UPDATE (November 20): In a 4-3 vote, Durham’s board of education approved a revised version of this proposal for in-person learning. You can find details on the Durham Public Schools website.

Durham Public Schools officials announced on Monday that plans are underway for a select group of students to return to their classrooms to resume in-person learning. The plan would start in January and continue for the remainder of the school year.

On Thursday night, school officials will present “Plan B,” a set of state-mandated guidelines allowing elementary school students to return to their classrooms at a limited capacity, to the Durham County Board of Education for approval.

Until now, the board has been reluctant to resume in-person classes, taking a more cautious approach than the majority of North Carolina counties. In Wake County, for example, elementary schools returned to daily in-person classes on Monday.

Durham school officials say they’re ready to return too, but in a limited capacity.

“The plan is really simple,” schools superintendent Pascal Mubenga said during a late morning press conference in front of the school-system office in downtown Durham. “We really want to bring our younger ones—the babies—from Pre-K all the way to [grade] five back on campus on a rotational basis.”

State health officials report that children under the age of 10 may be less likely than older teens and adults to spread COVID-19 to others.

However, state officials also point to newer findings that suggest younger children may be able to spread the virus more than originally thought. They also note that children may be more likely to get COVID-19 from an adult than to spread an infection to an adult, and that the spread of the virus is more likely to occur within a household than at school.

“We’re starting cautiously, with younger students who appear to be at lower risk,” Durham Schools spokesperson William “Chip” Sudderth III told the INDY.

County health officials have also reported that elementary and secondary schools are among the top 10 places in Durham to contract the virus.

The proposed plan recommends that elementary-age children—preschool through fifth grade—attend “face-to-face learning” two days a week. The students would be placed in “cohorts,” with one group attending Mondays and Tuesdays, and a second group on Thursdays and Fridays.

Moreover, the plan proposes that students who are visually impaired or hard of hearing will attend school four days a week for a limited period with the hopes of eventually having a full day of learning.

School officials also announced the pending launch of the new “Ignite Online Academy” for students who wish to remain in remote learning.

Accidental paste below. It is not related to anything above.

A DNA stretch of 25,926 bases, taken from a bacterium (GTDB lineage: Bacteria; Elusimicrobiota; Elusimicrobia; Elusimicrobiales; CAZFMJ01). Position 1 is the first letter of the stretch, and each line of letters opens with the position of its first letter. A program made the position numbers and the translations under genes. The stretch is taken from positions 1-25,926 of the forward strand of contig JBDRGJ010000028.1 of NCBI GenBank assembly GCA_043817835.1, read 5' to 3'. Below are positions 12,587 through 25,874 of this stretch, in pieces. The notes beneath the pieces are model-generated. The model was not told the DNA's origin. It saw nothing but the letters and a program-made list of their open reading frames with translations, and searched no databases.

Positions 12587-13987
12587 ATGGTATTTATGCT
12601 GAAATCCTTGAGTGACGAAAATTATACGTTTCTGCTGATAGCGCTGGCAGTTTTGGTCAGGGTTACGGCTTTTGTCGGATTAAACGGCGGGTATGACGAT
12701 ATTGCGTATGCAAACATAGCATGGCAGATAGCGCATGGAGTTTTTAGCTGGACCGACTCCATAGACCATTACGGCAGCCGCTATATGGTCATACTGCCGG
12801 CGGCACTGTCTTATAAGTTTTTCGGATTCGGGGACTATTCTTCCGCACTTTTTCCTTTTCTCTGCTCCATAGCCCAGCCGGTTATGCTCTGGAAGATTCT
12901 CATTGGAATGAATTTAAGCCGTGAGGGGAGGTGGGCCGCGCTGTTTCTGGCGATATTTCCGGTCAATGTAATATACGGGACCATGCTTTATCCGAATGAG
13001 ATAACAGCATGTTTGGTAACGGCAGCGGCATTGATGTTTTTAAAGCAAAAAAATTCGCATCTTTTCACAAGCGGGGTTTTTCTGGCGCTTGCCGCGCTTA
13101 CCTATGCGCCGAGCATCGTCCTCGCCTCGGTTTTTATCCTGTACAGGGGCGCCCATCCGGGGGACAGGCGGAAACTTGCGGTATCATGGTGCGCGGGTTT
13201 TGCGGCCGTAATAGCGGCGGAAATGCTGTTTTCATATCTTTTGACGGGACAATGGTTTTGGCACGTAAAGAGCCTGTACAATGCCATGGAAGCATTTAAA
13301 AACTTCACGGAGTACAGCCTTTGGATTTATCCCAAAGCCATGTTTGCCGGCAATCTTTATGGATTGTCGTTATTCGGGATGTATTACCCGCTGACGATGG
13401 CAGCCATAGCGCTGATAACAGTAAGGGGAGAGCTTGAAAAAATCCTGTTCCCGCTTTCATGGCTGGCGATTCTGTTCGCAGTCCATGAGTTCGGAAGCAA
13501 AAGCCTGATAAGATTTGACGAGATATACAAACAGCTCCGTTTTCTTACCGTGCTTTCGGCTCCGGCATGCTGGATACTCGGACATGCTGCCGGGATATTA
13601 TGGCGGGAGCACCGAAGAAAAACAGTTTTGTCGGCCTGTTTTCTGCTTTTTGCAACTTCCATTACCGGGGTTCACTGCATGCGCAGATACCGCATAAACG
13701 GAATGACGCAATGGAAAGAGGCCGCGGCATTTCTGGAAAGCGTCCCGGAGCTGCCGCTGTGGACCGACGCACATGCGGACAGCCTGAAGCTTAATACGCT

Officials are developing a COVID-19 dashboard to share information with the community should there be a positive case or potential exposure within a school or facility, officials said in a press statement.

Julius Monk, the school system’s chief operations officer, said that even though the state guidelines allow schools to operate under Plan A—meaning full capacity—Durham Public Schools choose Plan B to help with social distancing in the classrooms.

Monk said school officials have also done a good job purchasing personal protective equipment that has gone down in price since March, and will create signage to help the children move safely and maintain social distancing.

In addition to higher grade air filters to improve the circulation of outside air into classrooms, Monk said the school system will hire additional custodial staff and bus drivers.

Students would receive temperature checks in the mornings before boarding their school buses and a second check before entering the school building, Sudderth said. He added that it’s important that parents arrive at the bus stops with their children. If a child has a high temperature, the parent can take them home.

Mubenga said he has been talking with teachers on a regular basis. Some are looking forward to resuming in-person teaching, while others are uncomfortable, he admitted. Part of his task is to reassure them that safety protocols are in place.

“We still have work to do with them,” he said. “We want to implement the plan on January 21, and so we have to get the staff as comfortable as they can be.”

Michelle Burton, a veteran elementary school librarian and president of the Durham Association of Educators, told the INDY that the biggest concern she’s hearing from her fellow educators is about safety protocols.

The teachers she’s spoken with want to know how well they’ll be protected upon entering the building, especially with infection rates getting higher, Burton said.

The teachers are worried—not only for their own safety and health, but for their family members who may be at higher risk for the virus because of their age or pre-existing conditions.

“The anxiety level is very, very high,” Burton said on Tuesday. 

In the press conference the day prior, Mubenga argued that after eight months, it’s time to reopen the schools, even if it’s in a limited capacity.

“We have been remote, but we cannot remain in remote forever,” Mubenga said. “At some point we are going to have to make the transition back on campus.”

Editor’s note: This story was updated on November 17 to include additional context from Michelle Burton.

Follow Durham Staff Writer Thomasi McDonald on Twitter or send an email to tmcdonald@indyweek.com.

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